I let Mel felt some wool onto him. She seemed shy at first- here was my creation and I was giving her my blessings and craft supplies to alter it. I'm not sure how many stabs it took, but after affixing her second tuft of wool she seemed gleeful and giddy. There can not possibly be many things in the world as awesome as discovering a new craft. It's not merely learning how to do something. It's learning that there's this whole new possible way of making things. It's so new that you can't even comprehend doing it wrong- your eyes simply glaze over at the thought of doing it at all.

Wednesday, April 1, 2009

Foo Man Choo-Chew Bear

Project : Foo Man Choo-Chew Bear
Date : March 2009
Materials : Yarn (3 types), fabric (2 types), wool (2 types), some wire, 2 beads, thread, stuffing, a battery, part of an old t-shirt, some tiny glass stones, a cat toy, stuffing
Tools : Crochet hooks, needle, pliers, sissors, needle felting needle
Finished Product:
Foo Man Choo-Chew BearFoo Man Choo-Chew Bear
Foo Man Choo-Chew BearFoo Man Choo-Chew Bear

Upon acquiring a neat skein of yarn, just start working on making something- anything. You can never go wrong with a fist-sized round-ish shape (a kidney shape would be better, but in this case the yarn was just too crazy/bitchy to take much shaping). Later, when you realize you've crocheted a lump, try to jazz it up by sticking a spherical rattly cat toy inside it. Hey, now it's a lump that rattles when you shake it! Make sure you line the inside of the creature with some fabric (old t-shirt) so that the stuffing doesn't ooze out. Oh, add some stuffing. Leave the bottom open for last-minute modifications later.

Switch to a softer, easier to use yarn and crochet up a stump of a head. When you get to the jaw level (top of the jaw), stop and sew down a mouth. Do this by folding some cardboard in half, trimming it to the right shape, taping tiny magnets to either side of it (the "outside" of the folded cardboard), covering it with red fabric, then sewing half of it down onto the yarn jaw. The magnets should cause the mouth to snap closed. When resuming crocheting, rather then grabbing the stitches the mouth is sewn to, make a chain as long as the circumstance of the mouth and work from that. Continue crocheting up and around. When you get half-way up the head, sew the upper-jaw yarn to the top half of the folded mouth. Now go back and finish the head (stuffing the whole time as you go).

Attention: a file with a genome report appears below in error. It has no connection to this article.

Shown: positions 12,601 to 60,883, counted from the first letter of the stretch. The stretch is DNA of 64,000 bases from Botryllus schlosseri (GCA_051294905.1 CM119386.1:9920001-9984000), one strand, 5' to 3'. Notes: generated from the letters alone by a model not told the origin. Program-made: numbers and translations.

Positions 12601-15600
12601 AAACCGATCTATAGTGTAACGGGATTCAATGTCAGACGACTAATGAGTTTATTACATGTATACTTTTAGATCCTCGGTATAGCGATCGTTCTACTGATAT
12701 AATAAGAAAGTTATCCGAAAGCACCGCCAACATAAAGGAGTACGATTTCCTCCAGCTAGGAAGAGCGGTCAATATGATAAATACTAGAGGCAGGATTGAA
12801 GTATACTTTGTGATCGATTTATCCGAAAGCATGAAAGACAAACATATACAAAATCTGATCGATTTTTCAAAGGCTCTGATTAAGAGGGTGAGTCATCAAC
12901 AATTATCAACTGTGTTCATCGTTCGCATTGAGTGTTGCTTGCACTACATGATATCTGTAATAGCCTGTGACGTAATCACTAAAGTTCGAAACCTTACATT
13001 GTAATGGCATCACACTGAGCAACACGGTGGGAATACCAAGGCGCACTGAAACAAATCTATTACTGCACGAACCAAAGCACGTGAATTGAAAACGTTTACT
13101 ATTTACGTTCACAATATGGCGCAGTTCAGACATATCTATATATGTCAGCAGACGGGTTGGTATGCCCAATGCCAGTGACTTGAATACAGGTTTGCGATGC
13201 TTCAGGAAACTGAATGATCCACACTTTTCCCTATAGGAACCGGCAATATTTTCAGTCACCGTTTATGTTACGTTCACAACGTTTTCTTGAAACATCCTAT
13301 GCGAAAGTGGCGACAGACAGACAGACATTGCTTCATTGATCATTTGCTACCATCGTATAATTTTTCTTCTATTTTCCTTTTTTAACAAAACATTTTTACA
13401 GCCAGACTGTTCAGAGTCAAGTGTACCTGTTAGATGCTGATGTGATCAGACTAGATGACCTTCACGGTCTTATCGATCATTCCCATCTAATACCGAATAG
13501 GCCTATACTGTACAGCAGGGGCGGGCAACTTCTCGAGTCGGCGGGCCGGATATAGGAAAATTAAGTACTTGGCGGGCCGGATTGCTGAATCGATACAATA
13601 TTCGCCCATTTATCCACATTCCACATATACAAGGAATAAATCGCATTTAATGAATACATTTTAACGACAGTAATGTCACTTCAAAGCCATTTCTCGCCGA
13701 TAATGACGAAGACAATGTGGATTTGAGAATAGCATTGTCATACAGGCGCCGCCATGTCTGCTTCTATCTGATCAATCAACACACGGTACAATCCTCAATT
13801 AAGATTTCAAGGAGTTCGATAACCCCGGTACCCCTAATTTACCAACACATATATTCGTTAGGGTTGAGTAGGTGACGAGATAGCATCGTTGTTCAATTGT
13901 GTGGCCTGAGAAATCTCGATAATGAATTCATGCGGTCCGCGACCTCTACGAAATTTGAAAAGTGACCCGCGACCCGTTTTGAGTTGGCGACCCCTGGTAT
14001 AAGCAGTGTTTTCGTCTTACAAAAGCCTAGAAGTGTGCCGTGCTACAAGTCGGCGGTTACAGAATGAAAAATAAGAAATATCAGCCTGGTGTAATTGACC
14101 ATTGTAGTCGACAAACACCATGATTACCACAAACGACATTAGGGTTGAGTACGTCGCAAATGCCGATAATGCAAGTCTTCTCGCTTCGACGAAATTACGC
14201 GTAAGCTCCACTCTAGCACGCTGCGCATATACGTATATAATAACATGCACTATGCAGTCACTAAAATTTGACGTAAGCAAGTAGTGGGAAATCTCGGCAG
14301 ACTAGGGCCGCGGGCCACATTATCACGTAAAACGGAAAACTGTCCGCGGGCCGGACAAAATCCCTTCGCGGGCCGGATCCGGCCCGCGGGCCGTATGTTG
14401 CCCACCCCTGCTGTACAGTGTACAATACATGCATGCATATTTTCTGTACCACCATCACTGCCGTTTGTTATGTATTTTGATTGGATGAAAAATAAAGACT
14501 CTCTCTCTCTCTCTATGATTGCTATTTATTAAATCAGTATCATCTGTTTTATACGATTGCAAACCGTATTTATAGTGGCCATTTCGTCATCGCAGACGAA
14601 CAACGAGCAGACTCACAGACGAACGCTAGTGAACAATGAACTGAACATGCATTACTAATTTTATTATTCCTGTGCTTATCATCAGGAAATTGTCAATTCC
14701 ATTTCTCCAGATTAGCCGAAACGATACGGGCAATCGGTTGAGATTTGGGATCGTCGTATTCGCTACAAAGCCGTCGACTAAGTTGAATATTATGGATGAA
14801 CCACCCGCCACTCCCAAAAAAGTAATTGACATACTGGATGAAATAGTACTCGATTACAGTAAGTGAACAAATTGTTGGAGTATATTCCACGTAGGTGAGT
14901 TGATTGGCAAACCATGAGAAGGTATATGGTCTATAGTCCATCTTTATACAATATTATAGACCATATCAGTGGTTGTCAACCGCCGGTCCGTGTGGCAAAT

Aim to make some stubby legs. Do a tiny pair on the front (in the end, they'll be the middle pair). Crochet them with a thick easy yarn- nothing complicated, just a tube. Then do the hind pair- crochet just far enough so that its ass isn't resting on the ground when it stands. Add a battery to the monster's rump to make sure it stays balanced. Close up the tummy.

Finish the legs by stuffing them, adding a couple glass stones/magic counters, then using tiny scraps of fabric to sew the legs closed at the end. Then add the forearms by sticking some wire through and crocheting down it. Make sure to bend the wire into loops at the end and crochet through & around the loops (it still wont prevent the wire from occasionally poking out, but it helps and hides any sharp points)

The main body is done! Now to add flair- select some really bulbus vaguely green beads, sew them to the head. Realize it's kind of hard to pry open the mouth so add a little mustache and goatee to grab onto. Note the vaguly oriental look the facial hair adds and cut & sew some fabric scraps down over the eyes to give it a heavier glaze. Looks more ancient and wise that way. No eyelids = stupid and/or anime looking. Fin.

Thoughts :
Bought the yarn totally randomly on trip to NY. Started crocheting it at a friend's house out there and found it fun (if not really a look I love). Came home and was compelled to finish it asap. I like how simple and carefree it is. The magnet mouth + wire arms makes him great to hold a note and a pen. Good office desk companion. Very random, very quick (for crochet at least).

Before he was given a face, Adam said he looked like an inset bear. The facial hair - added so the mouth was easier to open - was labeled as being foo man choo like. He has a mouth to hold and/or chew things. Thus the name.

It was unclear whether the bulbous shapes populating its back were the results of a terrible disease or merely the artifacts of an untidy hide. The creature's steps were short and far from graceful. Thin arms dangled down from its curving chest and swayed limply before it with every lurching movement. They continued to swing back and forth even after it came to a stop.